On a beautiful evening of 5 February 2018 at Nile Hotel Jinja, the great men and women who choose to serve humanity through their club.
The Rotary Club of Njeru presented to me a Vocational Service Award in recognition of my humble contribution to the promotion of access to education and training opportunities to the socially disadvantaged young people and adults in our community. Indeed it is a a pleasant surprise!; thank you so much dear colleagues for this great reward.
A few minutes to the vocational service award ritual, I was granted an opportunity to share my thoughts and experiences. I led a conversation about ‘Vocation and Serving Humanity’ which I delivered in four segments:
1. Understanding the notion of vocation: From a Christian perspectives, vocation means a divine call to God’s service or to the Christian life. But literally it may also connote a strong feeling of suitability for a particular career or occupation. If you have a vocation, you have an innate desire to doing a particular job or occupation and doing it well. You feel strongly motivated to fulfill a particular role as an individual and feel intrinsically accountable for helping others. A vocation can be a strong feeling for being an outstanding teacher, medical doctor or engineer who does his / her job with passion.
From the Vocational psychology perspectives, vocation is an explicit concept for an occupation done with commitment, distinguished primarily by its psychological as contrasted with its economic meaning (SEARS, 1982). An activity pursued systematically and consecutively for its own sake with an objective other than monetary gain, although it may incidentally result in gain.
2. Serving Humanity: Humanity literally refers human race or the quality of being human. Serving humanity is living one’s vocation for the well-being of the entire human race – ensuring economic justice, cultural justice, educational justice, ecological justice, cognitive justice and political justice. Ensuring all women, men and children live a meaningful life of hope, dignity and fulfillment.
3. Value base of those who serve humanity: Those who serve humanity are not ordinary men and women; they are exceptional individuals whose actions are governed by a set of values, and ruled by a strict code of principles that ascribe them to a class of their own. Their value base is solid and never shaken by irrational thinkings and doings; never are they ever derailed by selfishness, greed and misguided appetite for money. Their consistence, dedication and commitment is intrinsic; and only rewarded by accomplishing their own vocational goals and objectives.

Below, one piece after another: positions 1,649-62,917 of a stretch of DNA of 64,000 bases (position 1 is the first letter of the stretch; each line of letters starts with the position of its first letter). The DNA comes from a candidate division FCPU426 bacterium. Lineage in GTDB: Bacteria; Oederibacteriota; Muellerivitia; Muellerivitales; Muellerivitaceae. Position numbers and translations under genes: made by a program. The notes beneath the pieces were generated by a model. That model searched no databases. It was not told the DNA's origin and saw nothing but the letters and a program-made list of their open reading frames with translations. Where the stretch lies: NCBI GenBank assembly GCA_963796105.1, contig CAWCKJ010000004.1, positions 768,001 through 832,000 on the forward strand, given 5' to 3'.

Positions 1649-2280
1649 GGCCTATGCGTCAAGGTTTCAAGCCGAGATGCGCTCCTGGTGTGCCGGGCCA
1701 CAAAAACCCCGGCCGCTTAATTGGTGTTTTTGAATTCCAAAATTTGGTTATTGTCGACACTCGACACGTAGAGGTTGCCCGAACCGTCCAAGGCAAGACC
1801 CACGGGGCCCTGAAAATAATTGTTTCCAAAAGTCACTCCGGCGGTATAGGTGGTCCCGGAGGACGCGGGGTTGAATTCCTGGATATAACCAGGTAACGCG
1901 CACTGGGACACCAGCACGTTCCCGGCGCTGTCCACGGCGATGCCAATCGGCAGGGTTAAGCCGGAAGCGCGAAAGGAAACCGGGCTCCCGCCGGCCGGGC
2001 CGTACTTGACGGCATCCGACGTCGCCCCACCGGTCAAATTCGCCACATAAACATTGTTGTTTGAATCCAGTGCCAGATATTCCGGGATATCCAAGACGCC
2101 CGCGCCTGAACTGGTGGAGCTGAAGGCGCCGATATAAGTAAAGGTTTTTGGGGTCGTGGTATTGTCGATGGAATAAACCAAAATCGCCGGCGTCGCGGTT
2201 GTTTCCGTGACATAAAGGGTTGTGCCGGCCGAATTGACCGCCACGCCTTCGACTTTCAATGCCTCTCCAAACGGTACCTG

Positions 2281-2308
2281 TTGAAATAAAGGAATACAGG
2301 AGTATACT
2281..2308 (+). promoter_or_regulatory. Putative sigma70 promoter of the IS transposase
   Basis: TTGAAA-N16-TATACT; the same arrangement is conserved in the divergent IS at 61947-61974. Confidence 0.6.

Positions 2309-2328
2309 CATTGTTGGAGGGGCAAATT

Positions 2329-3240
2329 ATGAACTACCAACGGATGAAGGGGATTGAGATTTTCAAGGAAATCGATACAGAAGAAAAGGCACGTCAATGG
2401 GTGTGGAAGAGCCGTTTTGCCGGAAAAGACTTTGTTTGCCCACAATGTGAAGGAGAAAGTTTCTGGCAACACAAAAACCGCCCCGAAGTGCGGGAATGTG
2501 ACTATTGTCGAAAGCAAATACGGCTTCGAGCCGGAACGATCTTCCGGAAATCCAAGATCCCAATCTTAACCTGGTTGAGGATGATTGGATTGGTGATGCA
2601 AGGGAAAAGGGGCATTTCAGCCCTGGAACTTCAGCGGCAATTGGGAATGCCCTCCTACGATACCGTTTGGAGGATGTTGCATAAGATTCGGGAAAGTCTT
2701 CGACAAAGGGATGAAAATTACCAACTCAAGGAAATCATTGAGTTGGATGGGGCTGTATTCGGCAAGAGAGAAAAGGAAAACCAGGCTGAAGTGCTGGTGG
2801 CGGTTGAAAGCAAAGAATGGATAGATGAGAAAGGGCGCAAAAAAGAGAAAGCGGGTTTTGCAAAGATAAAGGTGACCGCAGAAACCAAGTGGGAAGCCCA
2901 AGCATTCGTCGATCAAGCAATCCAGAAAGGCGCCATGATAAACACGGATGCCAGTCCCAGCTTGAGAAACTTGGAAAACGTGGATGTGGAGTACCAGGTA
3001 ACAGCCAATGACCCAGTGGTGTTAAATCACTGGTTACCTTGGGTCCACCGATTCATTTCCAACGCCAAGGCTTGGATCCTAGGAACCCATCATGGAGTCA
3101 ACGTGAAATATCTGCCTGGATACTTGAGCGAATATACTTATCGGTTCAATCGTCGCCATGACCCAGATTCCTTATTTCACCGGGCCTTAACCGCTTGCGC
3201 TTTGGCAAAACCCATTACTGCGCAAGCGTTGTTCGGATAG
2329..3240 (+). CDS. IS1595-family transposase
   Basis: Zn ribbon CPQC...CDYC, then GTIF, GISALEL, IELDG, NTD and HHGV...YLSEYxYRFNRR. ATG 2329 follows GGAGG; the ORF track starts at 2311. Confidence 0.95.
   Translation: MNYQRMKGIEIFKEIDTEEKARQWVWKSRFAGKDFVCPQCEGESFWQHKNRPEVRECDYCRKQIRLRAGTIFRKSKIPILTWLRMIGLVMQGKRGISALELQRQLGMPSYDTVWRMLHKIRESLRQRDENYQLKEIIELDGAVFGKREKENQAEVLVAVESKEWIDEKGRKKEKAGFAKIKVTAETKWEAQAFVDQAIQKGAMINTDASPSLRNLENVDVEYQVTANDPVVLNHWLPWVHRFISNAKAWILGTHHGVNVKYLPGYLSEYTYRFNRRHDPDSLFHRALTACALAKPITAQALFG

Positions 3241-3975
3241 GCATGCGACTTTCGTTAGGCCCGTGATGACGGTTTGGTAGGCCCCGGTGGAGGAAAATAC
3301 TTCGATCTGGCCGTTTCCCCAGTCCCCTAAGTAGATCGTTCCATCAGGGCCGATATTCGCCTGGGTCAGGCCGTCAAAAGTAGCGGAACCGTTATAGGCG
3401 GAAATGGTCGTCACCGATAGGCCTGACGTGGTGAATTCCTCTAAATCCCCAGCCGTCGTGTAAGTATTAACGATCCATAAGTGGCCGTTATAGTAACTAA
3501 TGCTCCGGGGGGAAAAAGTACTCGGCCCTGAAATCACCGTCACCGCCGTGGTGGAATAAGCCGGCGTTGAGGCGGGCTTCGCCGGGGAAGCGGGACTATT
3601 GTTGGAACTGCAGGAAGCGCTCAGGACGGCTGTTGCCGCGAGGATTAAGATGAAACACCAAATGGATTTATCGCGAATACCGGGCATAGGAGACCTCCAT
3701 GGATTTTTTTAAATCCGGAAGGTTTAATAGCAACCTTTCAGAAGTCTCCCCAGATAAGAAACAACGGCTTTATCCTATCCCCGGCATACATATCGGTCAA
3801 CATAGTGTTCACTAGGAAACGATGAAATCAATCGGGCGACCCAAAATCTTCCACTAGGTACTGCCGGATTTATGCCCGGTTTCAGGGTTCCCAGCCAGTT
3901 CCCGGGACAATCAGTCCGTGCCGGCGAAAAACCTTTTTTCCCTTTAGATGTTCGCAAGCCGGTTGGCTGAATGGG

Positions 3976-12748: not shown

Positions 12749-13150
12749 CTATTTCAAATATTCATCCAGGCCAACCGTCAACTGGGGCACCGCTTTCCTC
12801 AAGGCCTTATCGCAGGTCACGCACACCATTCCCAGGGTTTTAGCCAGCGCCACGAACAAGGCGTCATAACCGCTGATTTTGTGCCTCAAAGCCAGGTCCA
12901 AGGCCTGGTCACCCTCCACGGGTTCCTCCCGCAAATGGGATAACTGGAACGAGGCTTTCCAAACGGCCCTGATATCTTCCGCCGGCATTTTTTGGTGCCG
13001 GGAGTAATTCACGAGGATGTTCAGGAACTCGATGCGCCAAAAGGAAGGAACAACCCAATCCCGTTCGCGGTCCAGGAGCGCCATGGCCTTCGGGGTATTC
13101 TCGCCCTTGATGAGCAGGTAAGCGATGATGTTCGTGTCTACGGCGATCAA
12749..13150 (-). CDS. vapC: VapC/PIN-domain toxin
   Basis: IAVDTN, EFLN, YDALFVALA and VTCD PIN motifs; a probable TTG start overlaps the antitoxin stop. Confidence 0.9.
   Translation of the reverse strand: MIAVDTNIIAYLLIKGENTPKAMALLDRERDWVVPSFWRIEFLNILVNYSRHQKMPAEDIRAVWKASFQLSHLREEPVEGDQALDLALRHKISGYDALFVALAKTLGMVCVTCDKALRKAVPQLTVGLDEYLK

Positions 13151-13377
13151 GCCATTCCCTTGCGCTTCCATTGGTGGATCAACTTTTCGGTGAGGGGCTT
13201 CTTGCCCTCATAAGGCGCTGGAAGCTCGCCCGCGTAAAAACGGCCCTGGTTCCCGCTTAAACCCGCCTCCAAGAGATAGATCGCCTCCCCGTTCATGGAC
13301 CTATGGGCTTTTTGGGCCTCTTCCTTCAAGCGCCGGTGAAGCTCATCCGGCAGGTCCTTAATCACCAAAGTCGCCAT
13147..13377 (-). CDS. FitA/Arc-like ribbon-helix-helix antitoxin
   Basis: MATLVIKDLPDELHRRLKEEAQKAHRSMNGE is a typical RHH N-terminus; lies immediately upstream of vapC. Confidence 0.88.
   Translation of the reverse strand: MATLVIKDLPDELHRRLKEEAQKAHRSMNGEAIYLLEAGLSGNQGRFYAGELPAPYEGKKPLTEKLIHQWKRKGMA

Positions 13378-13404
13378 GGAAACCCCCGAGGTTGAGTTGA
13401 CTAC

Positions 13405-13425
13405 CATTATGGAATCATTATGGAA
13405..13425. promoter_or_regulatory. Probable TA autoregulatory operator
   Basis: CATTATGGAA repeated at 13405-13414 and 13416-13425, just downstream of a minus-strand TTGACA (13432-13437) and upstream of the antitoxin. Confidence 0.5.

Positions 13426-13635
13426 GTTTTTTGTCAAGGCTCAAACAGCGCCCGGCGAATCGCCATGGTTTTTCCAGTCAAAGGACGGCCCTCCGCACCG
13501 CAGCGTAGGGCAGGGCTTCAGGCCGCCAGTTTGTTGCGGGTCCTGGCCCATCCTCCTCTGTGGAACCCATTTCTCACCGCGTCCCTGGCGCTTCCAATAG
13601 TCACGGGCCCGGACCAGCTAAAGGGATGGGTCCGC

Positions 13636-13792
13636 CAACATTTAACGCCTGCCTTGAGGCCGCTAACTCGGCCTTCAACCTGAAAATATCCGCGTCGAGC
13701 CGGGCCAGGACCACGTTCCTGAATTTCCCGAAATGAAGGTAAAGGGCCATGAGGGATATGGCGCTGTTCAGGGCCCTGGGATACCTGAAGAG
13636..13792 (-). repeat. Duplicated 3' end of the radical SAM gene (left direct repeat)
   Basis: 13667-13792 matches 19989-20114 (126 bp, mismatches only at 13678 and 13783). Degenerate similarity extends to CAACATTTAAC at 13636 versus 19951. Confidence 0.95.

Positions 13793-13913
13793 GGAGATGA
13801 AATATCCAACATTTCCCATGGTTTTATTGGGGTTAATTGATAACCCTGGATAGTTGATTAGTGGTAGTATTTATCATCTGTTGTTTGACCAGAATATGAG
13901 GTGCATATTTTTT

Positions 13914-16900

Their life journey follows a road-map marked by clear signposts built from an interplay of interconnected values and human qualities such as kindness, merciful, compassionate, sympathy, humility, honesty, diligence, persistence. They have excellent social and emotional intelligence; they feel, understand and navigate human emotions to connect with every single individual that has a stake in their game. These exceptional men and women are in charities, clubs and associations but also in business and corporate world – perhaps I take the liberty to mention that Rotary is a place where one finds such men and women.
4. My journey of serving humanity: It started more than 20 years ago in the 1990s as a community literacy tutor for young people and adults outside the formal school system. This brought me into contact with a fundamental discourse on the centrality of literacy and education in helping men and women to assert and claim their legitimate space in modern day civilization which is ruled by the power of the pen and paper, and by extension the power of the computer and the internet.
Later I got into real adult and community education work by conducting seminars, courses, conferences and events to widen access to education, training and information services to those who are not served by mainstream education system. The flagship of this sustained engagement was the establishment of a permanent facility for community learning and development at Plot 3 Republic Street in Njeru Central Division. Here we have touched the lives of hundreds of hitherto educationally and socially marginalized population groups in our community. We broadened our own understanding of education and development as manifested by innovative pedagogies that connect learning and work. We have a community library. We do have a skills development programme for early school leavers and the unskilled working poor. Of course we cannot abrogate our own moral responsibility to conduct literacy and language classes for non-literates in our community. Our concept of youth learning festivals since 2014 is a new mark on our teaching-learning menu.
Today, I am delighted that despite the continued challenge to ensure sustainability of these services for humanity, I continue to strengthen my theoretical and professional capabilities to further contribute to the transformation of teaching- learning practices at different levels including tertiary and higher education in colleges and universities. My strong link with the social realities of our communities as derived from my experience in serving humanity is the basis for what I pleasantly do today, tomorrow and the next day.
Thanks so much for the opportunity to share and learn with you. I salute you and wishing you the very best in your fine endeavors in serving humanity.
Robert Jjuuko, Educationist, Researcher and Development Consultant
+256 772 403 281, email@example.com